Saturday, February 04, 2012
Lately it seems I cry on more days than not. Late last year I found out my father has a terminal form of cancer. He'd been diagnosed with prostate cancer several years ago, but that seemed to have been dealt with. Unfortunately it has spread through his skeletal system, and it's now a matter of we-don't-know-how-long, but probably months that he has left to live.
I can't tell you how gutting news like this is. Is anone ever ready to lose a parent? Probably not, but it still seems that a man aged 61 is too young to die. Nevertheless, everyday life goes on, and you learn to put knowledge like this aside, somewhere that you can take it out and grieve over it in private, without interference to your work, your recreation, your relationships.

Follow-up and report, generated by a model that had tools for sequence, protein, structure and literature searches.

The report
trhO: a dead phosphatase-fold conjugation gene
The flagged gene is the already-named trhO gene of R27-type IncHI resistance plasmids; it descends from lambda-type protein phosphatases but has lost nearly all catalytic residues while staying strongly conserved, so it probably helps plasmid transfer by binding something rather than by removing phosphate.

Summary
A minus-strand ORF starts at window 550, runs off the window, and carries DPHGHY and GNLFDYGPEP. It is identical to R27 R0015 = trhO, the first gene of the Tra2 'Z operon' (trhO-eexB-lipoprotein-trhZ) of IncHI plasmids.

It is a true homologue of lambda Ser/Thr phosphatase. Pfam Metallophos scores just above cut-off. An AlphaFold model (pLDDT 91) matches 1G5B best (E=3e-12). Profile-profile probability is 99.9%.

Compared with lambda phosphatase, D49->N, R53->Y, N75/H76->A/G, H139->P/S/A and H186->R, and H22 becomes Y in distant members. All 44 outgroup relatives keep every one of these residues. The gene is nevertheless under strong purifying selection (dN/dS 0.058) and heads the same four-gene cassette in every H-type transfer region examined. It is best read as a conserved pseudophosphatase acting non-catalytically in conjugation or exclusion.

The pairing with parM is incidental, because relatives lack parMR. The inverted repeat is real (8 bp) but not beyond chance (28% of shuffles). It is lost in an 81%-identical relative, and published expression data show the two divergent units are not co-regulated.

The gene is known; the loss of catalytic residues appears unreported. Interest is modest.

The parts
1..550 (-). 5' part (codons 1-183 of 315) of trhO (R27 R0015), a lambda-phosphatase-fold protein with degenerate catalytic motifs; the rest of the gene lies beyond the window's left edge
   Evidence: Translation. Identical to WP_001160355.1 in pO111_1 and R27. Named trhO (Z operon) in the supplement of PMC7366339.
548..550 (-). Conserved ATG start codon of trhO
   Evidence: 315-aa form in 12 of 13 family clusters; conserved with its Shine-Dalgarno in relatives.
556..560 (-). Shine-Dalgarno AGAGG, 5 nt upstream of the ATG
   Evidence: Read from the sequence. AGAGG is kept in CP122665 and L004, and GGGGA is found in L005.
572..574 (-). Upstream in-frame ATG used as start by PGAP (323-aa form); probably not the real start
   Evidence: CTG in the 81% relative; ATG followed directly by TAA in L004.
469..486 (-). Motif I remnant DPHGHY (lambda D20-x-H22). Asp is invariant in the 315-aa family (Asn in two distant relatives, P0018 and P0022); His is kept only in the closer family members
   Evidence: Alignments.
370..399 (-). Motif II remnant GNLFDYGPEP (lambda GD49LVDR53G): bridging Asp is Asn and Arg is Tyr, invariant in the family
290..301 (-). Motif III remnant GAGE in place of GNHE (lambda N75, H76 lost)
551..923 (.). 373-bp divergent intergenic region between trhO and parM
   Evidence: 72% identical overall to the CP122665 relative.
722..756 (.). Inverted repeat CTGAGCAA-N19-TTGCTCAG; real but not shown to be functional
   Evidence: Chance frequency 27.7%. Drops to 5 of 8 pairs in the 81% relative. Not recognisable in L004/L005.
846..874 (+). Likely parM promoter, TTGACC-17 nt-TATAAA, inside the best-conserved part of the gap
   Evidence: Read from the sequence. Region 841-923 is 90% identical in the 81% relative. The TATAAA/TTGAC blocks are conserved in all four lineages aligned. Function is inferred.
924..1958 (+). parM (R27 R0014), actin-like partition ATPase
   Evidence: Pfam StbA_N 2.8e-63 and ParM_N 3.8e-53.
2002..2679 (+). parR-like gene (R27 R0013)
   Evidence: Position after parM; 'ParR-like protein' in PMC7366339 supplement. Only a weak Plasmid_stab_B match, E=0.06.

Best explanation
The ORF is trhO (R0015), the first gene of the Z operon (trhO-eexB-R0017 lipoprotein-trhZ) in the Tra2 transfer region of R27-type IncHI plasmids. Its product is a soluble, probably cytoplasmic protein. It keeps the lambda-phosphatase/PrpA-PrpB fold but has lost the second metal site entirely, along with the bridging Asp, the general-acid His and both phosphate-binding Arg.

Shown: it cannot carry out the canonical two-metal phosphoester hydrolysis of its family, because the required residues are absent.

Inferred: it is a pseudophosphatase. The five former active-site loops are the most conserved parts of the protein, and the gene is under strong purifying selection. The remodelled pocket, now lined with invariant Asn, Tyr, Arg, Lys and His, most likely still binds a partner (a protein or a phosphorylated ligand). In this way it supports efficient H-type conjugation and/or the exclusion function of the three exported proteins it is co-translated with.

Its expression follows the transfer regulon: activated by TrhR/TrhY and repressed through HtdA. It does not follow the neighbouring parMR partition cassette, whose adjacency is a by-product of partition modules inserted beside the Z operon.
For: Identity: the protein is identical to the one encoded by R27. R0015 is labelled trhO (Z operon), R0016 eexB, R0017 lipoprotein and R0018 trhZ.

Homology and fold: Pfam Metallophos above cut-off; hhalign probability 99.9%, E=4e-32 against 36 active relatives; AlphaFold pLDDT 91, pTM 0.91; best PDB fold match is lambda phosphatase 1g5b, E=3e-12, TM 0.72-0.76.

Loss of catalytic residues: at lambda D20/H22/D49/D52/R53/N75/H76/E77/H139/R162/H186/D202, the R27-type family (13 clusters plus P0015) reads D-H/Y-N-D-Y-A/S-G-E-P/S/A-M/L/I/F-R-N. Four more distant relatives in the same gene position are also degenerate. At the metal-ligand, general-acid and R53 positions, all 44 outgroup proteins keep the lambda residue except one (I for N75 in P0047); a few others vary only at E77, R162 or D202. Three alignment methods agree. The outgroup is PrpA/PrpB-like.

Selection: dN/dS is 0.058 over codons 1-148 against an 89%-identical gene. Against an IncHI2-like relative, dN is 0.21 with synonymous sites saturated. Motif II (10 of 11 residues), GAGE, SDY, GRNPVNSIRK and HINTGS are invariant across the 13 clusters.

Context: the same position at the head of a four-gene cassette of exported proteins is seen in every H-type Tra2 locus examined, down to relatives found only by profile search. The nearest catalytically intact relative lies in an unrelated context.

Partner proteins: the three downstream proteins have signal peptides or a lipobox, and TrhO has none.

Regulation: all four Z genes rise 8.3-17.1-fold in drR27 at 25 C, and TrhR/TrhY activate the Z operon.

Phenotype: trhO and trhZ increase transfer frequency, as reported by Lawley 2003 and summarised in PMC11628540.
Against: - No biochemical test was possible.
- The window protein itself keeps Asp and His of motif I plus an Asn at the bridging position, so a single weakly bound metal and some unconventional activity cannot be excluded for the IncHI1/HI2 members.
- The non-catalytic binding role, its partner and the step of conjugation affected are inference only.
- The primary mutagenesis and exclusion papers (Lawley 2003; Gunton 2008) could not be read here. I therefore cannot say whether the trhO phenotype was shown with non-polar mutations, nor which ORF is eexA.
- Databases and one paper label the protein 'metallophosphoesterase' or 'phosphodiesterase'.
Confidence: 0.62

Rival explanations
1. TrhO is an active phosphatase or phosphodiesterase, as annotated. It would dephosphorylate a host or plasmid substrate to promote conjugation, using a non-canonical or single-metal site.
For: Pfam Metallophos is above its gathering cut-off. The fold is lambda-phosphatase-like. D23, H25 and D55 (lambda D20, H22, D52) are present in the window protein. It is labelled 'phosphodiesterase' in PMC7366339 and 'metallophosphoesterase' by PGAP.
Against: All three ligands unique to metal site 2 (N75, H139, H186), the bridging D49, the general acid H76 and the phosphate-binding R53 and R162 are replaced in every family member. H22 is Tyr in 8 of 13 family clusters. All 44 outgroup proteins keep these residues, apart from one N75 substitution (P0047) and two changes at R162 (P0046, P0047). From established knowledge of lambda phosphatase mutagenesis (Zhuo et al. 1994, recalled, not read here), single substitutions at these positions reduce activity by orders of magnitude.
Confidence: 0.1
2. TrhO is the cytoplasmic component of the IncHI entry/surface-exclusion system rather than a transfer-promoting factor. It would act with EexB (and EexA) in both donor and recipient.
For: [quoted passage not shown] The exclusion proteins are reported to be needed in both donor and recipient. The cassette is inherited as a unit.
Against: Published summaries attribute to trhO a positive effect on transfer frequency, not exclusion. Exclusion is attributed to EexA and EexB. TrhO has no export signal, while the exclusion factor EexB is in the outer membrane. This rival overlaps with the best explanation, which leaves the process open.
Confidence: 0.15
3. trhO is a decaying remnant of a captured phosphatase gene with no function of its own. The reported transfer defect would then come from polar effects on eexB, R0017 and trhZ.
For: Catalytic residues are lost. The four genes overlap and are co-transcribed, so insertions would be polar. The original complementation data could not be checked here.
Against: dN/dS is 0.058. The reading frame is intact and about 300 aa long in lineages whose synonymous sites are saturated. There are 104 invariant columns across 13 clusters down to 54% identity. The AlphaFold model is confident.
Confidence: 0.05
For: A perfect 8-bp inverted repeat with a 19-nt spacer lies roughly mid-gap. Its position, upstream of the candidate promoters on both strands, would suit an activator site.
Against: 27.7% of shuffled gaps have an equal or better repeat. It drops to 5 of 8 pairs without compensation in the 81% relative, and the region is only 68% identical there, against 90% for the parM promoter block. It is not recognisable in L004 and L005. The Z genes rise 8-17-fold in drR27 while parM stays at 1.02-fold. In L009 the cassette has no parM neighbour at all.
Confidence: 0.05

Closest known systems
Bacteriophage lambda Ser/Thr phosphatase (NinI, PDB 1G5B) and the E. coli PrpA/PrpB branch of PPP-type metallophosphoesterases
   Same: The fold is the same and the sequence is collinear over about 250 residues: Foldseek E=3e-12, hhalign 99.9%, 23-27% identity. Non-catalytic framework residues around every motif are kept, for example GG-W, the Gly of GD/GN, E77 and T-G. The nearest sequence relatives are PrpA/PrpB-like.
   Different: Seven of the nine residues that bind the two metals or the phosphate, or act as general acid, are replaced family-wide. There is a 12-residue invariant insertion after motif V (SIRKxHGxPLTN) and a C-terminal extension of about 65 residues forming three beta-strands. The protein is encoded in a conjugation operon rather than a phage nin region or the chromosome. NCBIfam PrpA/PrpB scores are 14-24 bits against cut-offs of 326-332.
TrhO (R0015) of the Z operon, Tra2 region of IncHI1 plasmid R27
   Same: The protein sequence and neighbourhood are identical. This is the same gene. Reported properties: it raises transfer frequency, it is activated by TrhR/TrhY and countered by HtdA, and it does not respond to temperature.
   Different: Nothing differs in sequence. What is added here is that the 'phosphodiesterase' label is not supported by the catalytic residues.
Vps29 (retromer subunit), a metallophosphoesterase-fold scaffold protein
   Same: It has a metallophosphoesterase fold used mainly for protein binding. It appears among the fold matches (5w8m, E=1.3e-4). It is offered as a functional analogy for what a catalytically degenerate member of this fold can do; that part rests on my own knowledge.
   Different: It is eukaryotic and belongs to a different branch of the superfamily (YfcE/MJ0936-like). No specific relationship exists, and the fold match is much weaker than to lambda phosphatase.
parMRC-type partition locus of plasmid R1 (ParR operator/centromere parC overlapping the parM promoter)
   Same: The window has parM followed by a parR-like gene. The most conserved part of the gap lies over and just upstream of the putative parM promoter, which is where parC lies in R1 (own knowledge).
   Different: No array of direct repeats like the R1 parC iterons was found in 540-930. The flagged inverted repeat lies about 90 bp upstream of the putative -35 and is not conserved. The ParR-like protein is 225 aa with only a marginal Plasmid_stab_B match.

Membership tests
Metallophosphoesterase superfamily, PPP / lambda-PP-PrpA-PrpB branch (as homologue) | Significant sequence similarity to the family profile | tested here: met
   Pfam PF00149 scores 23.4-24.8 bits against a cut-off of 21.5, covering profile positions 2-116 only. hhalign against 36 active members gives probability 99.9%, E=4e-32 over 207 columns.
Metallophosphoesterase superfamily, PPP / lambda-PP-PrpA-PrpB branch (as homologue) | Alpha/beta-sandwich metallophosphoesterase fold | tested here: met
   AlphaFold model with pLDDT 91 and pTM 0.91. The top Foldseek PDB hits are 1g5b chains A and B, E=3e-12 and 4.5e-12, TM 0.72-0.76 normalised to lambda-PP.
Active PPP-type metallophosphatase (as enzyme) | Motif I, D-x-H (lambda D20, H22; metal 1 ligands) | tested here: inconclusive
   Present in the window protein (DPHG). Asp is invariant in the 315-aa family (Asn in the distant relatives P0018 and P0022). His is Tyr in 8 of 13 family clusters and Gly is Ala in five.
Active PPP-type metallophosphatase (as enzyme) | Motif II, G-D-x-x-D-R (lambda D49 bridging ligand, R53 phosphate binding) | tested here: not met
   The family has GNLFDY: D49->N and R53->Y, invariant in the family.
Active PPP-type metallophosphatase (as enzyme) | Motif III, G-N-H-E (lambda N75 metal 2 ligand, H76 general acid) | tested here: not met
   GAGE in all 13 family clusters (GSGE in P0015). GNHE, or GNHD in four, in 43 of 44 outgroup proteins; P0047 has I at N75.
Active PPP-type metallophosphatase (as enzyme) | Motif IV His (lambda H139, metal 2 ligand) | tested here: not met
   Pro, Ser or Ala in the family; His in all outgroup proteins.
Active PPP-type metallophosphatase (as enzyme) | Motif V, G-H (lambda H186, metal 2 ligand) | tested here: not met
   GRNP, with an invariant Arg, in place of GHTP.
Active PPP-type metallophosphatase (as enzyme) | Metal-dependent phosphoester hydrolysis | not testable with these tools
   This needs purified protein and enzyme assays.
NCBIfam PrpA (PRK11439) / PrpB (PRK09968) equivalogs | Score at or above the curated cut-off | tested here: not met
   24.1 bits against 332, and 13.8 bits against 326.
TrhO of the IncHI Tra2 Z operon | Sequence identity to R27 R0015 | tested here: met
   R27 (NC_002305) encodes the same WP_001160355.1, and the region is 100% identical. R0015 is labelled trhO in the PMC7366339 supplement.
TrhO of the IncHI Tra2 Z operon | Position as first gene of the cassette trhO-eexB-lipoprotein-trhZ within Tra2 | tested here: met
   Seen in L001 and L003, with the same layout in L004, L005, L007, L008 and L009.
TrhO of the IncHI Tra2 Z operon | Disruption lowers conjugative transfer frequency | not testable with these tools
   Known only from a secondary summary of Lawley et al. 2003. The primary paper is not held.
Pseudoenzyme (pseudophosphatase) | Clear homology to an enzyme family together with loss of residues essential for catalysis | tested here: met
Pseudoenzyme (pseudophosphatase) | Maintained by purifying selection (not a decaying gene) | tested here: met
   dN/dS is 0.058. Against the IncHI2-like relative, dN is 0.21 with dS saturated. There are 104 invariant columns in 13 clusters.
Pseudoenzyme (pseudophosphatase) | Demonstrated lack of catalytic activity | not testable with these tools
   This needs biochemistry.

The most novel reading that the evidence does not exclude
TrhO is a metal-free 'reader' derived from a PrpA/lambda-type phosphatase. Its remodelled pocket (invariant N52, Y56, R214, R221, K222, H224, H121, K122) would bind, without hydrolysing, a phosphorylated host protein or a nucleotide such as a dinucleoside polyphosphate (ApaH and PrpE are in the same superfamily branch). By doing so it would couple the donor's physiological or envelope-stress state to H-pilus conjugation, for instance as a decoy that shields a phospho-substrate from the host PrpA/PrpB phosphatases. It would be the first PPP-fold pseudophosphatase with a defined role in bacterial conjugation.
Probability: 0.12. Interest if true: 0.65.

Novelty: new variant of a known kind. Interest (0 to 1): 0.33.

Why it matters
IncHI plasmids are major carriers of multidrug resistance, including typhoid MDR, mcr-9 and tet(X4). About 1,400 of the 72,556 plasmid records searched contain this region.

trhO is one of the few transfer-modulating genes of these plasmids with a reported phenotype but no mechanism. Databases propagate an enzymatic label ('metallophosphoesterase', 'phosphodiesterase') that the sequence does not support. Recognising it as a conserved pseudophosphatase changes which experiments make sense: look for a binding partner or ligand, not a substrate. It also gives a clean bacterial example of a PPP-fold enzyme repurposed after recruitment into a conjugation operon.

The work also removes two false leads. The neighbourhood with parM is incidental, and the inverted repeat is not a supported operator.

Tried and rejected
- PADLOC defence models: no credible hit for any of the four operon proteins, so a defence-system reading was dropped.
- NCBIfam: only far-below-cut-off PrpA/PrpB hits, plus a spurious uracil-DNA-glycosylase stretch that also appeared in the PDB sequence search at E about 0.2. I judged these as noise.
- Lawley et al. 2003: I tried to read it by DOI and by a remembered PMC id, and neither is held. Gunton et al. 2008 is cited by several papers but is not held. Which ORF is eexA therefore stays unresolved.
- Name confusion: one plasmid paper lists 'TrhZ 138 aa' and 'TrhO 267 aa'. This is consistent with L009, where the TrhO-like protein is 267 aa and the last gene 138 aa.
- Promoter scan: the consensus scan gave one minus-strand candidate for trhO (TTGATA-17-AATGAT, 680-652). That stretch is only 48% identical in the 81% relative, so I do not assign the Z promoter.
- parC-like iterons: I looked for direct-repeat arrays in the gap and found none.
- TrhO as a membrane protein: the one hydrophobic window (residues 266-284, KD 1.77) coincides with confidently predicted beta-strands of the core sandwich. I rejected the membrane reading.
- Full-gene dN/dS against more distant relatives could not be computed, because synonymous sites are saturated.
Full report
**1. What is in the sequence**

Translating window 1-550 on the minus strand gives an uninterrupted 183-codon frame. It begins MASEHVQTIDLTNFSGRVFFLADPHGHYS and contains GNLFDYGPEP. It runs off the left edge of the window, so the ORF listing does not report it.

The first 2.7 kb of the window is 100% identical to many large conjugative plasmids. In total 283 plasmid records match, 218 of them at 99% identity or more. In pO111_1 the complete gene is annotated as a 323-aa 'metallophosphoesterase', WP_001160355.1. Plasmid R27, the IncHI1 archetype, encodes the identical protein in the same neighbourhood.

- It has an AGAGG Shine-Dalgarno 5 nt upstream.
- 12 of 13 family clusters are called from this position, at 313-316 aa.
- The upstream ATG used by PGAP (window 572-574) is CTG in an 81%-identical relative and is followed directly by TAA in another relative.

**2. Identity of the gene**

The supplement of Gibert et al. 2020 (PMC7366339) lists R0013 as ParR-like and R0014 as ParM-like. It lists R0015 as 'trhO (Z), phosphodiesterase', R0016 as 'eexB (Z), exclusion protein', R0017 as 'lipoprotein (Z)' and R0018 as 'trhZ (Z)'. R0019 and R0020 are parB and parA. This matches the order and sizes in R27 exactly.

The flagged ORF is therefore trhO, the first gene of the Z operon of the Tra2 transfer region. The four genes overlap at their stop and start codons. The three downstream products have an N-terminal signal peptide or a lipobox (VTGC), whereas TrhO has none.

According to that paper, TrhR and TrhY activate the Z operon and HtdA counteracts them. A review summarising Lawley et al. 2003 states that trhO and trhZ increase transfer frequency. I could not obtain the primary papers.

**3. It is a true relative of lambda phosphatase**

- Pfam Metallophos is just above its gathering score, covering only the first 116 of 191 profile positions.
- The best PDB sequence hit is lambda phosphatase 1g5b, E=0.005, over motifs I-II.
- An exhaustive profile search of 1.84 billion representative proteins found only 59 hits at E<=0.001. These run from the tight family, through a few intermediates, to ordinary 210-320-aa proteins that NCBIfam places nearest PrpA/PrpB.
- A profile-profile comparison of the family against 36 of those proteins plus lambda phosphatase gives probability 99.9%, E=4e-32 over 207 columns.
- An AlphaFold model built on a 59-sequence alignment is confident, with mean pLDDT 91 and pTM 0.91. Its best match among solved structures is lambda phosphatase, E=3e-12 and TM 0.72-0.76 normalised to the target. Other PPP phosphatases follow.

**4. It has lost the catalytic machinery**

But it does leak out of you, and that's why there's more days where I cry than days when I don't. It doesn't take much to set me off. A motorcyclist on the road; an email or phone call from my dad; a photo. It's a knowledge that sits heavily inside me and permeates all my quiet moments.
There are lots of reasons to wish not to be an only child, and most of them become apparent as you reach adulthood. I've found another one - the grief of a dying parent should be shared between siblings. There is no-one to share this commonality of experience with me. I know others who have lost a parent, but in this particular circumstance I am alone. I am the only child who is losing this man as my father. And it feels awful.